Selected market indicators for period ended 28 February 2017

Provided by Mercer. 
Global Equity markets rose in February, continuing their upward trend of the last few months.

Global Bond markets bounced back over the month, delivering their first solid return since the US Presidential Election. Trump fuelled sentiment continues to support a booming US share market, with the S&P 500, Dow Jones and NASDAQ indexes all rising impressively throughout February. Eurozone political uncertainty has unnerved European bond markets, with opinion poll movements influencing yields up and down as elections loom across the region.

The MSCI World Index rose +3.1% (in local currency) during February. Unhedged investors received a return of +4.2%, benefitting from a weakening NZ Dollar, which depreciated -1.4% against the US dollar. Locally, NZ Shares and Government Bonds had positive returns over the month, up +1.7% and +0.8% respectively. Global Bonds also performed well, with both Global Government Bonds and Global Aggregate Bonds rising +1.0%. Global Listed Property and Global Listed Infrastructure performed strongly, returning +3.4% and +4.0% respectively.

An estimate of a Balanced Fund gross index return based on selected market indicators for February is +1.8%.

Significant recent items include:
  • The RBNZ Governor, Graeme Wheeler, announced early February that he will step down from his role at the end of his term in September. Deputy Governor, Grant Spencer, will take over as caretaker until a permanent successor is appointed in 2018 (post the general election).
  • The number of Americans filing for the unemployment benefit fell to a near 44 year low at the end of February. Initial claims dropped by 19,000 applications to a seasonally adjusted 223,000, the lowest level since March 1973, and below expectations.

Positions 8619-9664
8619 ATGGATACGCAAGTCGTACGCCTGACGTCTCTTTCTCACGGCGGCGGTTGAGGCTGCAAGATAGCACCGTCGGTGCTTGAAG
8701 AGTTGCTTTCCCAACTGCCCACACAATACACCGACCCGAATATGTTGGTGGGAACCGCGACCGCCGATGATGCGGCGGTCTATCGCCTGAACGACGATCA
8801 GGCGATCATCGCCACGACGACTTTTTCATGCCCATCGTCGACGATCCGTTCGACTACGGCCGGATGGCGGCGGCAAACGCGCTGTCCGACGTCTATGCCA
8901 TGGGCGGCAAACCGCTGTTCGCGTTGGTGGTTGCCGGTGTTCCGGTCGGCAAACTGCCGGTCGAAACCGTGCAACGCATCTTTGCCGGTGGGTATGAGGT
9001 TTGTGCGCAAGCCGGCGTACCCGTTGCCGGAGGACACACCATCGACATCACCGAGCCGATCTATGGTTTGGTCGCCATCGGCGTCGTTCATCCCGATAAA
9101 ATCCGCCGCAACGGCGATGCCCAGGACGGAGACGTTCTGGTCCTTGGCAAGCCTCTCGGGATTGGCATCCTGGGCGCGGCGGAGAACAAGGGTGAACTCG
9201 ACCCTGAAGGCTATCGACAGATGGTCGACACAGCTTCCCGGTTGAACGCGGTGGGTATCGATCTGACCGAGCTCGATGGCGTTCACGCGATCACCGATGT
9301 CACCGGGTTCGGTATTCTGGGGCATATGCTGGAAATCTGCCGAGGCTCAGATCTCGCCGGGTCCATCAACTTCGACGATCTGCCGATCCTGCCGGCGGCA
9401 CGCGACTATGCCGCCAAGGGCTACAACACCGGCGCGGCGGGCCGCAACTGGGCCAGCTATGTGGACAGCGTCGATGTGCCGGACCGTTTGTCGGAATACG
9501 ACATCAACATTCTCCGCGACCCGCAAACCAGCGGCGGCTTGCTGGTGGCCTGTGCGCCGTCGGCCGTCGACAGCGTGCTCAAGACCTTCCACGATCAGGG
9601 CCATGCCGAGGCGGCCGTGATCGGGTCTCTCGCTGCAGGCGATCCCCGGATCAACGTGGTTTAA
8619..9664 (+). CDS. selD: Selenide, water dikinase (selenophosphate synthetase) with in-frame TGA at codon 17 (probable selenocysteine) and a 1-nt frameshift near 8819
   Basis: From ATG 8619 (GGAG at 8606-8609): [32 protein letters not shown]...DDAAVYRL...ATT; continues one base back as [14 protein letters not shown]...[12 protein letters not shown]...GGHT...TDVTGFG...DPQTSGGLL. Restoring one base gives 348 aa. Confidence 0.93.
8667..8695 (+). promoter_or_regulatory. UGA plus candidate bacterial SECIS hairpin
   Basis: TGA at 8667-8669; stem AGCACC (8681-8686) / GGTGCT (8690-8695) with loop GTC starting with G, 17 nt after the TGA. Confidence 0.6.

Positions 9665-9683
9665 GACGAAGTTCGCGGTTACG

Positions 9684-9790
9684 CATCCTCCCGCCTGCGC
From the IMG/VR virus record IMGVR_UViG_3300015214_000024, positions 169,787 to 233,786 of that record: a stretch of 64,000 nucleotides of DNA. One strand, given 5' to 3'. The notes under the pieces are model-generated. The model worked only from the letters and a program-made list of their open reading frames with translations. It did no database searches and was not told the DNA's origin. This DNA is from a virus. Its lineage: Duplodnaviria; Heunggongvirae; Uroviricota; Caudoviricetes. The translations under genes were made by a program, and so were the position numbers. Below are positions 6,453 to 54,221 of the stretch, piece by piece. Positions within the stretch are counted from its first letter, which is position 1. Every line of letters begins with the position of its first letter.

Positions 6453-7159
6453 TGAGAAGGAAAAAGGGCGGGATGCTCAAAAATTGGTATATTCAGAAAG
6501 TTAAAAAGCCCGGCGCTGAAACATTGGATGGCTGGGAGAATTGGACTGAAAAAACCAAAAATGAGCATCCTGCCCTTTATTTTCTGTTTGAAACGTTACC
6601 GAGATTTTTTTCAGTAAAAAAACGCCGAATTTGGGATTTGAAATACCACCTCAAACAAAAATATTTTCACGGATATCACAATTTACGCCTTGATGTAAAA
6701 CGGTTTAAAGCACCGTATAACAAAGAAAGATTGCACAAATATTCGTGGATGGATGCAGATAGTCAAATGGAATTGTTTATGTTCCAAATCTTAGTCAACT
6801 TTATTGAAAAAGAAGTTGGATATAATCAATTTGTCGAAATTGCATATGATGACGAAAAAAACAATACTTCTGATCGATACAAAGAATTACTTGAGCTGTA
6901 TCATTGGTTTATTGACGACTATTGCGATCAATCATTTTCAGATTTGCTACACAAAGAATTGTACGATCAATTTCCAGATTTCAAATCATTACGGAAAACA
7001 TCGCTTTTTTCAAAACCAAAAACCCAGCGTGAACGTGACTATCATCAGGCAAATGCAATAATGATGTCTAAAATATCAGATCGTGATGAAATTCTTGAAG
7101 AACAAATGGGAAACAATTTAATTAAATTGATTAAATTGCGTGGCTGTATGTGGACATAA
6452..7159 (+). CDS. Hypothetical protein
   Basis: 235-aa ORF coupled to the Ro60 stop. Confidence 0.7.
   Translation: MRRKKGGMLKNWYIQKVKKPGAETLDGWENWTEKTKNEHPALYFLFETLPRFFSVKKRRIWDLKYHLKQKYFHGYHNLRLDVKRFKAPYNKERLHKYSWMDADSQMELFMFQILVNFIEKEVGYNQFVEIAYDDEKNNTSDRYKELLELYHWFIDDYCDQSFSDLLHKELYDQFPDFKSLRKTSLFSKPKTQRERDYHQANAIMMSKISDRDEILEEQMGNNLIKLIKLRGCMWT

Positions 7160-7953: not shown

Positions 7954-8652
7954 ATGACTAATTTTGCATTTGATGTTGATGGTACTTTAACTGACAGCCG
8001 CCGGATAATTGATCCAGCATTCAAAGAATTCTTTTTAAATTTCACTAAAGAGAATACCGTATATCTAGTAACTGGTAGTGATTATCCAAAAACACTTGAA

• National Front leader, Marine Le Pen, leads the opinion polls for the upcoming French Presidential election, although her lead is not expected to hold in the second round of voting on 7 May. If Le Pen wins the election, France leaving the EU is a real possibility.
  • The Dow Jones Industrial Average closed above 21,000 for the first time ever just after month end, matching the fastest ever 1,000 point increase since May 1999, only taking 24 days.
Trans-Tasman Equities
Although it lagged other developed markets, the New Zealand share market still provided a decent return for the month (+1.7%), building on last month’s positive start to the year. Across the Tasman, the ASX200 also rose (+2.3%) (AUD). Both markets fell towards the end of the month, possibly reflecting caution ahead of Trump’s highly anticipated speech to a joint session of Congress.

Global Equities
Developed markets around the globe delivered strong returns in February. The MSCI World Index rose +3.1% in local currency terms, supported by the rapidly rising US share market. Unhedged investors received a higher return due to a weakening NZD against most major currencies (+4.2%). Emerging Markets were positive over the month, albeit not as strongly, returning +1.7% in local currency

Property and Infrastructure
The Global Listed Property and Global Listed Infrastructure sectors benefitted from a decline in global yields over the month, resulting in returns for both sectors ahead of the broader global equities market. Listed Property finished up +3.4% and Listed Infrastructure returned +4.0%. Listed Infrastructure continues to be buoyed by the promise of US Government spending.

NZ Bonds and Cash
NZ Government and Corporate Bonds both delivered a positive return of +0.8%, steadily recovering from the large recent decline in prices. The RBNZ announced early Feb that the OCR will remain unchanged in an effort to keep monetary policy accommodative of above-trend GDP growth and increase inflation towards the midpoint of the target range.

Global Bonds
Global Aggregate Bonds and Global Sovereign Bonds both returned +1.0% for the month. The majority of Global Bond yields steadily declined throughout February, with European bond yields the most volatile as political uncertainty continues to influence the market. Corporate bonds performed better than Government bonds, returning +1.3%.

The NZ dollar declined against most major currencies in February. The largest decline was against the AUD, down -2.6%, finishing the month at 0.9407 AUD.  The only major currency the NZ dollar appreciated against was the Euro, gaining +0.3% and finishing the month at 0.6806 EUR. On a trade-weighted basis, the NZ dollar fell -1.8%.

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